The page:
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Boxer, Promoter Babe Griffin Dies

July 23, 1996 GMT

LOS GATOS, Calif. (AP) _ Babe Griffin, a boxer and fight promoter who was inducted into the World Boxing Hall of Fame in 1990, is dead at the age of 88.

Griffin died Thursday of an apparent heart attack in a Los Gatos convalescent home.

Born Victor Galiotto in 1907 in San Jose, Griffin was the eighth of nine children of Sicilian immigrants Nick and Cynthia Galiotto.

He earned the nickname Babe as a San Jose High School baseball player in the early 1920s after hitting home runs in consecutive games. Although he switched sports, Griffin kept the name so that his mother, who didn’t approve of Murphy and his brothers’ boxing, wouldn’t recognize his name when he fought.


Griffin’s boxing career spanned nearly 60 years, earning him the title Mr. Boxing in Santa Clara Valley. He was 83 when he was inducted into the World Boxing Hall of Fame.

``Babe had to fight for everything he got,″ said Louie Duino, longtime sports editor of the San Jose Mercury News. ``He couldn’t reach heavyweights, so he’d jump up in the air to hit them.″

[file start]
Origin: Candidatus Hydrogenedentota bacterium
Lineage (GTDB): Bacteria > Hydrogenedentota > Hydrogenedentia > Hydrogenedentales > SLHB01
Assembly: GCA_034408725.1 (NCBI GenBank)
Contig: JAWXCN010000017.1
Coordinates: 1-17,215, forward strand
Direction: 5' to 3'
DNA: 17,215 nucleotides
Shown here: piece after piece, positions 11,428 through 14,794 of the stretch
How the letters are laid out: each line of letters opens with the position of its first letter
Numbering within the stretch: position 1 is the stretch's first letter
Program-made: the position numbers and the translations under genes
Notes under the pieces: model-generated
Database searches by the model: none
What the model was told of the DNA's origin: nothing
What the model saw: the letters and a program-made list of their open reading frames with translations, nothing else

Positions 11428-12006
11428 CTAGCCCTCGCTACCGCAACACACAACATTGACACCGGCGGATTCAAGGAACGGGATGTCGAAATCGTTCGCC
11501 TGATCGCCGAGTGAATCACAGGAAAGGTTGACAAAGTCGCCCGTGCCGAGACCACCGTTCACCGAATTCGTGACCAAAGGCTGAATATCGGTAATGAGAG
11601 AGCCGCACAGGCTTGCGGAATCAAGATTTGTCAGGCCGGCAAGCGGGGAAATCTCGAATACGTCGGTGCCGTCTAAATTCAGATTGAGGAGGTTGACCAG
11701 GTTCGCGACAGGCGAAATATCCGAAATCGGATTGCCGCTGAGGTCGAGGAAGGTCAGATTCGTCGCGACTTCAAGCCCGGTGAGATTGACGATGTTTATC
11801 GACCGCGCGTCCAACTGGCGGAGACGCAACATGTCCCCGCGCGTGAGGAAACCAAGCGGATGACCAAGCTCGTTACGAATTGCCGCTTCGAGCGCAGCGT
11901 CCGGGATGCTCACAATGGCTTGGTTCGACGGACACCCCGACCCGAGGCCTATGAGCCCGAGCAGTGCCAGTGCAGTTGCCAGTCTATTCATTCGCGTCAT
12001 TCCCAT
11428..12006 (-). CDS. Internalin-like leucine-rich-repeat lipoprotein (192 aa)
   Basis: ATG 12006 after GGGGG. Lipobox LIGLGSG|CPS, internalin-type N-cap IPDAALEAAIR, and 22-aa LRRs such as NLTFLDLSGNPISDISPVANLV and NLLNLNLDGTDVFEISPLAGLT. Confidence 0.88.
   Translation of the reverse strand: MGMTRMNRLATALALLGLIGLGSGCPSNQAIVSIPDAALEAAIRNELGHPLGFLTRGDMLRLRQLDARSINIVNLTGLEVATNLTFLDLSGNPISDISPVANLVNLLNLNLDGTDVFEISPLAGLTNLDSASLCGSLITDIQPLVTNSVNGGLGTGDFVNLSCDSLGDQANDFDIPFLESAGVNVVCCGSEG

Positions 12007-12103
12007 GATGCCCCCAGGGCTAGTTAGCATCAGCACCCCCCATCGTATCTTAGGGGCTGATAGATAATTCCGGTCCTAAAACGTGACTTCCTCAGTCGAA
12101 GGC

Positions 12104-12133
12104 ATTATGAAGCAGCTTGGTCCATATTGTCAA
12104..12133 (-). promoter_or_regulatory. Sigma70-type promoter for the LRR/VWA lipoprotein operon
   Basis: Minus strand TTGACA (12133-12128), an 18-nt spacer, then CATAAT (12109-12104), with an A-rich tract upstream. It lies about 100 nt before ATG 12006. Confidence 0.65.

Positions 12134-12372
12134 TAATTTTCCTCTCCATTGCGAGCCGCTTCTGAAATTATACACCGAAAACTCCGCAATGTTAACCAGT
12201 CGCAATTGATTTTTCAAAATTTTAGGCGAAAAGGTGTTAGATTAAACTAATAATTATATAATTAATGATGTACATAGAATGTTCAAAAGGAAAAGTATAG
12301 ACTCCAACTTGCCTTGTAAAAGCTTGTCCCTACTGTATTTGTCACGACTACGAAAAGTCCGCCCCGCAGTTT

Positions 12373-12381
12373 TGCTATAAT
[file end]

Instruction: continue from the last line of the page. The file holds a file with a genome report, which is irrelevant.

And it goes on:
Griffin’s promoting career also had its tough moments. As a fledgling promoter, he was forced to return to managing fighters several times.

Still, he had his share of successes, including promoting exhibition matches in San Jose for former heavyweight champions Jack Dempsey and Joe Louis. As late as the 1980s, he promoted fights in San Jose and Sacramento with Hector Camacho, Bobby Chacon and Pete Ranzany.

Upon his induction into the hall of fame, Griffin said he was honored to be mentioned with the Dempseys and Louises he promoted.

But he wasn’t always thrilled with boxing.

``In recent years I kind of lost interest in boxing _ people aren’t true to their word anymore,″ he said. ``I think someday the sport may be outlawed. But over the years I’ve known a lot of great people in boxing. I will say that.″